Opponents of the health care law say it goes against the nation’s commitment to “rugged individualism,” and against some conservatives' distrust of a strong central government.

    “But the individualist claim,” Marshall (pictured) writes, “runs up against a number of harsh realities that diminish its force." For starters, societal changes since the 1930s have worked to undermine the notion of a society held together by rugged individualists.

    Marshall, a former ACS Board member, notes, “The entry costs needed to succeed in this economy, for example, are far greater because of the shifts in the types of jobs that are available and because of the greater expectations placed on those joining the workforce. One reason for this is education. Succeeding in the current economy requires sophisticated training that cannot be mastered by the individual acting alone.”

  • January 24, 2012

    by Jeremy Leaming

    It may be hokum to some conservative pundits, but government policies that coddle the nation’s super wealthy, have sparked what some economists say are long overdue and legitimate protests, such as the Occupy Wall Street demonstrations.

    In his Jan. 24 column for The New York Times, David Brooks blasts lawmakers for taking up the concerns of the OWS protestors, writing that they are obsessed with “pounding down the rich.” But Brooks seems to have missed what is animating those protests – the fact that conservative economic policies in the United States have been aimed heavily in favor of protecting a powerful few.

    Columbia University professor Joseph E. Stiglitz has written about this nation’s growing wealth gap, while acknowledging that the top 1 percent has contributed to society. Nonetheless, Stiglitz notes the policies protecting the top 1 percent are shrinking middle classes in numerous countries, and creating disconcerting gaps, between the top 1 percent and everyone else.

    “But, around the world, political influence and anti-competitive practices (often sustained through politics) have been central to the increase in economic inequality. And tax systems in which a billionaire like Warren Buffet pays lower taxes (as a percentage of his income) than his secretary, or in which speculators, who helped bring down the global economy, are taxed at lower rates than those who work for their income, have reinforced the trend,” Stiglitz wrote in a piece republished by Slate.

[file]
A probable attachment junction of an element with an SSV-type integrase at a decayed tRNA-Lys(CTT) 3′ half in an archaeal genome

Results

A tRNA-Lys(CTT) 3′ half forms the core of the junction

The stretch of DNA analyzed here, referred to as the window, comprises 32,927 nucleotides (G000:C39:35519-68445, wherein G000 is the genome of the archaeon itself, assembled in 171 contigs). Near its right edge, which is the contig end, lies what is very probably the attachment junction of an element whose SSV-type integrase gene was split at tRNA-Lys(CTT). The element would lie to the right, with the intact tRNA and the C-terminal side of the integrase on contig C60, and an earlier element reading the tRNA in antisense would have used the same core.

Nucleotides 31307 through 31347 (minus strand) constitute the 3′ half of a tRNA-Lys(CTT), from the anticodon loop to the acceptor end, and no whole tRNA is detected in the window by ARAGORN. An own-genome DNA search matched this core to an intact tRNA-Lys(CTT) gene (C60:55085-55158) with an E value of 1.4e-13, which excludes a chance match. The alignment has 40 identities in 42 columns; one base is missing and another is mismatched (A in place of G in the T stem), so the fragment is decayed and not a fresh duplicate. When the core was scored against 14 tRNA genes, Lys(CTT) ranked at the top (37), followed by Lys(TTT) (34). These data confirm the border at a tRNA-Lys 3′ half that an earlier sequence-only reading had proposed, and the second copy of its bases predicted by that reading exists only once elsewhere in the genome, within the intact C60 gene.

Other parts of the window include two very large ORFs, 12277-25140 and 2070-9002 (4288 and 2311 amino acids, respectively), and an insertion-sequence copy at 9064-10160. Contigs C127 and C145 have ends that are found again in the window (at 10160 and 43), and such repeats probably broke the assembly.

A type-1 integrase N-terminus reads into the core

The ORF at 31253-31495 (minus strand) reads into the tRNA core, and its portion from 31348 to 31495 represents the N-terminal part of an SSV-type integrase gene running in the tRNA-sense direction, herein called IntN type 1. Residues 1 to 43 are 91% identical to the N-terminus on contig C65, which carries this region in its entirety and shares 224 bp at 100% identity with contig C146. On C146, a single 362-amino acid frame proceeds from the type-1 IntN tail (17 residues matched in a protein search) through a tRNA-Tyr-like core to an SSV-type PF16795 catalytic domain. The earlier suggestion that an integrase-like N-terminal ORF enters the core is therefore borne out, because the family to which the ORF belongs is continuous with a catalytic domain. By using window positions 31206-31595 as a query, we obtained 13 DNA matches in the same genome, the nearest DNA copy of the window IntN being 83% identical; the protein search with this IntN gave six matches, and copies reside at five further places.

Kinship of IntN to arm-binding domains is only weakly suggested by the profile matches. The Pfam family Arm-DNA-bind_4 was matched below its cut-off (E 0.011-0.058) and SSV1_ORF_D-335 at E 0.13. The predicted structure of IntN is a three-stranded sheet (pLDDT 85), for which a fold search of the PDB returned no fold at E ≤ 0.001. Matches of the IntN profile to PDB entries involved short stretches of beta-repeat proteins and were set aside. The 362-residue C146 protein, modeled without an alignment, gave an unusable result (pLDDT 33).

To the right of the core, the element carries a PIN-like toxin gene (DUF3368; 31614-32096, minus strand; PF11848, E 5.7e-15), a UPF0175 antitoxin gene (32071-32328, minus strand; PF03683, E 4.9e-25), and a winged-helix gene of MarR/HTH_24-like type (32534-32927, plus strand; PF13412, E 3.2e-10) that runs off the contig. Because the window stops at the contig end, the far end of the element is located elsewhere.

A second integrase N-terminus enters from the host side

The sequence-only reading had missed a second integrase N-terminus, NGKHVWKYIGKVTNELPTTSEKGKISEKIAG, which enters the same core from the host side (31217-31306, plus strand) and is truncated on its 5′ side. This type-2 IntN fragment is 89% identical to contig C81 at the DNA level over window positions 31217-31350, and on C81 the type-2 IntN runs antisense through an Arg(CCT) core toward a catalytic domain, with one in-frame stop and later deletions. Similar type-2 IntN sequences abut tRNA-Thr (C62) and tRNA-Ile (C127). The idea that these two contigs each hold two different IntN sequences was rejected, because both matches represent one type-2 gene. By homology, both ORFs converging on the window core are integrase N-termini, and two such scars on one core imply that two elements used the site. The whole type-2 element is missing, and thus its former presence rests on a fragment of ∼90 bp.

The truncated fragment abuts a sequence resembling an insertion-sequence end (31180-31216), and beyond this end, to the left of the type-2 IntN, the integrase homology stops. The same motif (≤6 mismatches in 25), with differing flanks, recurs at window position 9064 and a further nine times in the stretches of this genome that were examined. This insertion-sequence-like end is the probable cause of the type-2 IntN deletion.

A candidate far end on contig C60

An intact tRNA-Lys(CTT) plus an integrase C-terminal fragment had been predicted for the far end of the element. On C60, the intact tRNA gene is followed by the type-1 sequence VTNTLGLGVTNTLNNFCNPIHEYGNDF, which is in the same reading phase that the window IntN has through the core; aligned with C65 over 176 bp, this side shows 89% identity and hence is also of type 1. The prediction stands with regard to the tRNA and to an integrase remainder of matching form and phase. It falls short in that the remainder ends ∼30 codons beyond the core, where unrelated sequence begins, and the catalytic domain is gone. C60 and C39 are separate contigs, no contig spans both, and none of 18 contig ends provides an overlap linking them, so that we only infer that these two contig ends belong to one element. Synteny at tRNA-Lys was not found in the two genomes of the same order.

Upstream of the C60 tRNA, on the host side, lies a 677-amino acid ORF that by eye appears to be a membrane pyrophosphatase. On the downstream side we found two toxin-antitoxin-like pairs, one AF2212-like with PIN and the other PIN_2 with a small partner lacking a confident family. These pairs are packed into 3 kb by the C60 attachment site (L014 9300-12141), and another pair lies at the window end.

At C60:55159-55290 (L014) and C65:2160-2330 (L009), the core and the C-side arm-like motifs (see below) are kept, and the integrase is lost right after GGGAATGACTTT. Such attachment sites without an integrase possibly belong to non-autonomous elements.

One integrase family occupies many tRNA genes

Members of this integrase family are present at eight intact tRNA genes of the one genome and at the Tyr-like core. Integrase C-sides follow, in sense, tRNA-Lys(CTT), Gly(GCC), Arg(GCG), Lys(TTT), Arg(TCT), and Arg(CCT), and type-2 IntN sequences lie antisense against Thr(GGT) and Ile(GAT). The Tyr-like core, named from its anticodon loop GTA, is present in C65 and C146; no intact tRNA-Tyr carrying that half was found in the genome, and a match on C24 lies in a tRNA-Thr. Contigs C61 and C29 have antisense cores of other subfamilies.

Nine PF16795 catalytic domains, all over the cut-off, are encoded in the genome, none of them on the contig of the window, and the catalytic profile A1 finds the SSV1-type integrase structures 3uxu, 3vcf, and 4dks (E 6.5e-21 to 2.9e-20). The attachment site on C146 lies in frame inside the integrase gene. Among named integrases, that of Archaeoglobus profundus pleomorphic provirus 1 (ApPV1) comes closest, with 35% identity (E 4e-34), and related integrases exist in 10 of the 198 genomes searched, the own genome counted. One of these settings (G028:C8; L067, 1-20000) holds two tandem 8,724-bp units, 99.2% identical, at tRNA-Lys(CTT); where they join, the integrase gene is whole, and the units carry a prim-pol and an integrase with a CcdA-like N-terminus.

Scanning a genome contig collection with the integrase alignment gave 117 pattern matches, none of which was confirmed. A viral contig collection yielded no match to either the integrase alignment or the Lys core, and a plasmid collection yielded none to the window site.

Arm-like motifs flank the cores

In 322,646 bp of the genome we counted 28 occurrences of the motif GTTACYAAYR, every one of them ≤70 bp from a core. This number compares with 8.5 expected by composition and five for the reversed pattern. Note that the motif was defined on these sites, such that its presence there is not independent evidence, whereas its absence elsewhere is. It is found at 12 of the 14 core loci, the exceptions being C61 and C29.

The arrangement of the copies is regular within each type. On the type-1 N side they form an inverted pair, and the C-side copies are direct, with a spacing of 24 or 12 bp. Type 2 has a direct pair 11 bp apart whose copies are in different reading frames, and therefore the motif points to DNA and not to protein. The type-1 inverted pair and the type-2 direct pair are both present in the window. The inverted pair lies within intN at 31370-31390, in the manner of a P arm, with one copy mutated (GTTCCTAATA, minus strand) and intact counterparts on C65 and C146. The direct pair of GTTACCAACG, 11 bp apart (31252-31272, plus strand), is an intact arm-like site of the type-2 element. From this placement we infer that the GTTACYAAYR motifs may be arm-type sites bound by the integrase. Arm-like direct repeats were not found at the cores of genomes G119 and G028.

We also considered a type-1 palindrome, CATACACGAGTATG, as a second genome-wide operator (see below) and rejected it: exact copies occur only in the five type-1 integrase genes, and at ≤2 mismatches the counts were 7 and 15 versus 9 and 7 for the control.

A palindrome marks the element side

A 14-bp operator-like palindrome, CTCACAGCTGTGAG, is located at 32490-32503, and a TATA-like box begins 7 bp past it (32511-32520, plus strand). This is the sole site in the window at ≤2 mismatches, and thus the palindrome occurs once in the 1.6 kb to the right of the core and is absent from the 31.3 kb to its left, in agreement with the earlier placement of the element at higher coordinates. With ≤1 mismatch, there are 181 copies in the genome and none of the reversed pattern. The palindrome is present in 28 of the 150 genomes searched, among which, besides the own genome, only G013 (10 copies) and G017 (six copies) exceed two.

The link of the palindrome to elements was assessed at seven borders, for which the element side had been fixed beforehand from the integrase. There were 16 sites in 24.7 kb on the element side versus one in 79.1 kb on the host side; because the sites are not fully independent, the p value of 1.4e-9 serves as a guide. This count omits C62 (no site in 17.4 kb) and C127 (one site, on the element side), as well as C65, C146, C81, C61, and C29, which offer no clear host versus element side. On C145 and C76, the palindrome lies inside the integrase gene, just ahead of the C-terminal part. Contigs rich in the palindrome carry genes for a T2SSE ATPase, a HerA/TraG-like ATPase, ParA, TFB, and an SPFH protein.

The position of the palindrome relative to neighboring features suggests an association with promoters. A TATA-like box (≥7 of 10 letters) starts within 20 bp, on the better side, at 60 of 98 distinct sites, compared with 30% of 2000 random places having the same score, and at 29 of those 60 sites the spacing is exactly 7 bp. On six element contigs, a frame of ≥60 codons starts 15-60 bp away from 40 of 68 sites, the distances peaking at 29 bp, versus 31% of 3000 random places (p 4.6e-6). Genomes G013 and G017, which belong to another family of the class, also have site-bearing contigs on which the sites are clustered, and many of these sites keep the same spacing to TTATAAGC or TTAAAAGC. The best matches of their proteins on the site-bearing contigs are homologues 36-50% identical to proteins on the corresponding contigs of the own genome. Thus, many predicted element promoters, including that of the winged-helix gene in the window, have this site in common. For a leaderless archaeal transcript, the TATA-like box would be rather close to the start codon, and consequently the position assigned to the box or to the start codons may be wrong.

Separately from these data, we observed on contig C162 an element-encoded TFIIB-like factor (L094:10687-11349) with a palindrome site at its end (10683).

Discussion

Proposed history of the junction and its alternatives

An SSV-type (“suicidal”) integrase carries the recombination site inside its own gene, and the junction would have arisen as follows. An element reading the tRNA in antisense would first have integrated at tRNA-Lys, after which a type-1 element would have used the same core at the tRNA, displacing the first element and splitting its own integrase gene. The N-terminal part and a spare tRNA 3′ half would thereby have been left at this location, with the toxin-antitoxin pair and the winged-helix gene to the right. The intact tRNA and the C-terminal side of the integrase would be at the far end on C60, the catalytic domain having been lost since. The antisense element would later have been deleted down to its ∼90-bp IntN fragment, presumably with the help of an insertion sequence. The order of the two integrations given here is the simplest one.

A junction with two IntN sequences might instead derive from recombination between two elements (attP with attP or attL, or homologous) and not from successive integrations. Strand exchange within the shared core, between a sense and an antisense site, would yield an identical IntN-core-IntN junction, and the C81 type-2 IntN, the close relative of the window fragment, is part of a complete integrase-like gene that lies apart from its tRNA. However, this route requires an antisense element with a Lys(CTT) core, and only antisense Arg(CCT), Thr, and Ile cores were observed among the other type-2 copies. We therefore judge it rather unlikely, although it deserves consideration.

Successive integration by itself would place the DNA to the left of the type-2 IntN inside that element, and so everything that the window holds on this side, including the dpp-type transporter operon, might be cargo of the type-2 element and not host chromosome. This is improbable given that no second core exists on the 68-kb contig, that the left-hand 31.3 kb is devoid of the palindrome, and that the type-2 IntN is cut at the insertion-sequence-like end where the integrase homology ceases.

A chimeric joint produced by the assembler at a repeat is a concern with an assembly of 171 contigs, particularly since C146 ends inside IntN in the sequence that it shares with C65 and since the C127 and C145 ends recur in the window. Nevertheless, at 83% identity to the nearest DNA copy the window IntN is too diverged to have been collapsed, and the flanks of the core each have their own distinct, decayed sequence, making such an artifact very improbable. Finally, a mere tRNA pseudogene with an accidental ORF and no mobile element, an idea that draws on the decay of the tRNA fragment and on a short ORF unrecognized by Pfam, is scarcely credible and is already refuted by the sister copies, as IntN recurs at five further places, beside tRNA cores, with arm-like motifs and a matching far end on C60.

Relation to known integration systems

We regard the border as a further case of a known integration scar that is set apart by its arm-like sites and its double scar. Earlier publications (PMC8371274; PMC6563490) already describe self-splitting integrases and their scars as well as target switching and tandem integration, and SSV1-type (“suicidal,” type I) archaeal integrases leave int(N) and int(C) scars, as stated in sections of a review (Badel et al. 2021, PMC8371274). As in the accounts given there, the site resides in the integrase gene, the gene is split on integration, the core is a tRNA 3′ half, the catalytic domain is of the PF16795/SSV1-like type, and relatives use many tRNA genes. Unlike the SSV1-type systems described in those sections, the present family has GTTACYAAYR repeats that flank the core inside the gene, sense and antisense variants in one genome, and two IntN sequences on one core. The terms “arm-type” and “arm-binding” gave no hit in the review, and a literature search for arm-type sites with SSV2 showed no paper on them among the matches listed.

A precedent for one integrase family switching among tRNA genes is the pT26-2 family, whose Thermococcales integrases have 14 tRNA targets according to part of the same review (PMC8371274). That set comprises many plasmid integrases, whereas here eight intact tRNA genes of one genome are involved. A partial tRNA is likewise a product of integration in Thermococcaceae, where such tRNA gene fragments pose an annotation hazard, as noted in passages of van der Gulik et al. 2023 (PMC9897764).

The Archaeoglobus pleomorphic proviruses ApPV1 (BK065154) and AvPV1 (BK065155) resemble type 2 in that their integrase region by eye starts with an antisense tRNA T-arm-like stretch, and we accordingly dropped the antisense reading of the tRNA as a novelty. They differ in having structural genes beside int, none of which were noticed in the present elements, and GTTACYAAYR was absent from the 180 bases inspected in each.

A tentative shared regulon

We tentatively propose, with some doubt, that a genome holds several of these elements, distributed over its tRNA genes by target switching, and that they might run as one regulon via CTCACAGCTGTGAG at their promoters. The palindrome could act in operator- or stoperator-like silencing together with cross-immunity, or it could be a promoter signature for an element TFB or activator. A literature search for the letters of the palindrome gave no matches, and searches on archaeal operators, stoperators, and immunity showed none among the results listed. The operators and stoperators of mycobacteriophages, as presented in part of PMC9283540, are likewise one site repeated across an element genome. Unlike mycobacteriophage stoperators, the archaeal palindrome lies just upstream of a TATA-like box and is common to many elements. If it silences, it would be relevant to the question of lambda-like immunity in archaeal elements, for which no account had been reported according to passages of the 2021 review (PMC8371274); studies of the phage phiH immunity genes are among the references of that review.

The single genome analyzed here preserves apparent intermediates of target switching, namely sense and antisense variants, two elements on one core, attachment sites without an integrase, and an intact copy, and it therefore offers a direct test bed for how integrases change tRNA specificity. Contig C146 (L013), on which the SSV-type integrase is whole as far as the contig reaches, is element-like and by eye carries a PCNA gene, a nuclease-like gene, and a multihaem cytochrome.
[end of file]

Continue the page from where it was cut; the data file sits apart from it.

Stiglitz goes on to note that many of the bankers who helped trigger the Great Recession, and were later bailed out by taxpayers, are “now back at their desks, earning bonuses that amount to more than most workers hope to earn in a lifetime, while young people who studied hard and played by the rules see no prospects for fulfilling employment.” (In a recent piece for The Times, Susanne Craig reports that large bonuses have already returned for top executives of two Wall Street titans. For example, Craig notes that despite a “rough year,” JPMorgan’s chief executive, Jamie Dimon, “was awarded $17 million in equity-linked stock for his work in 2011, according to a regulatory filing.”)

    Stiglitz says the “rise of inequality is the product of a vicious spiral: The rich rent-seekers use their wealth to shape legislation in order to protect and increase their wealth – and their influence. The U.S. Supreme Court, in its notorious Citizens Uniteddecision, has given corporations free rein to use their money to influence politics. But while the wealthy can use their money to amplify their views, back on the street, police wouldn’t allow me to address OWS protesters through a megaphone. The contrast between overregulated democracy and unregulated bankers did not go unnoticed. But the protestors are ingenious: They echoed what I said through the crowd, so all could hear.”

    Some lawmakers, despite conservative pundits’ derision of the OWS protesters, are listening.

    In his Dec. 6 address in Osawatomie, Kan., President Obama cited the statistics, widely reported by Stiglitiz and others, saying “the average income of the top 1 percent has gone up by more than 250 percent to $1.2 million per year. I’m not talking about millionaires, people who have a million dollars. I’m saying people who make a million dollars every single year. For the top one hundredth of 1 percent, the average income is now $27 million per year. The typical CEO who used to earn about 30 times more than his or her worker now earns 110 times more. And yet, over the last decades the incomes of most Americans have actually fallen by about 6 percent.”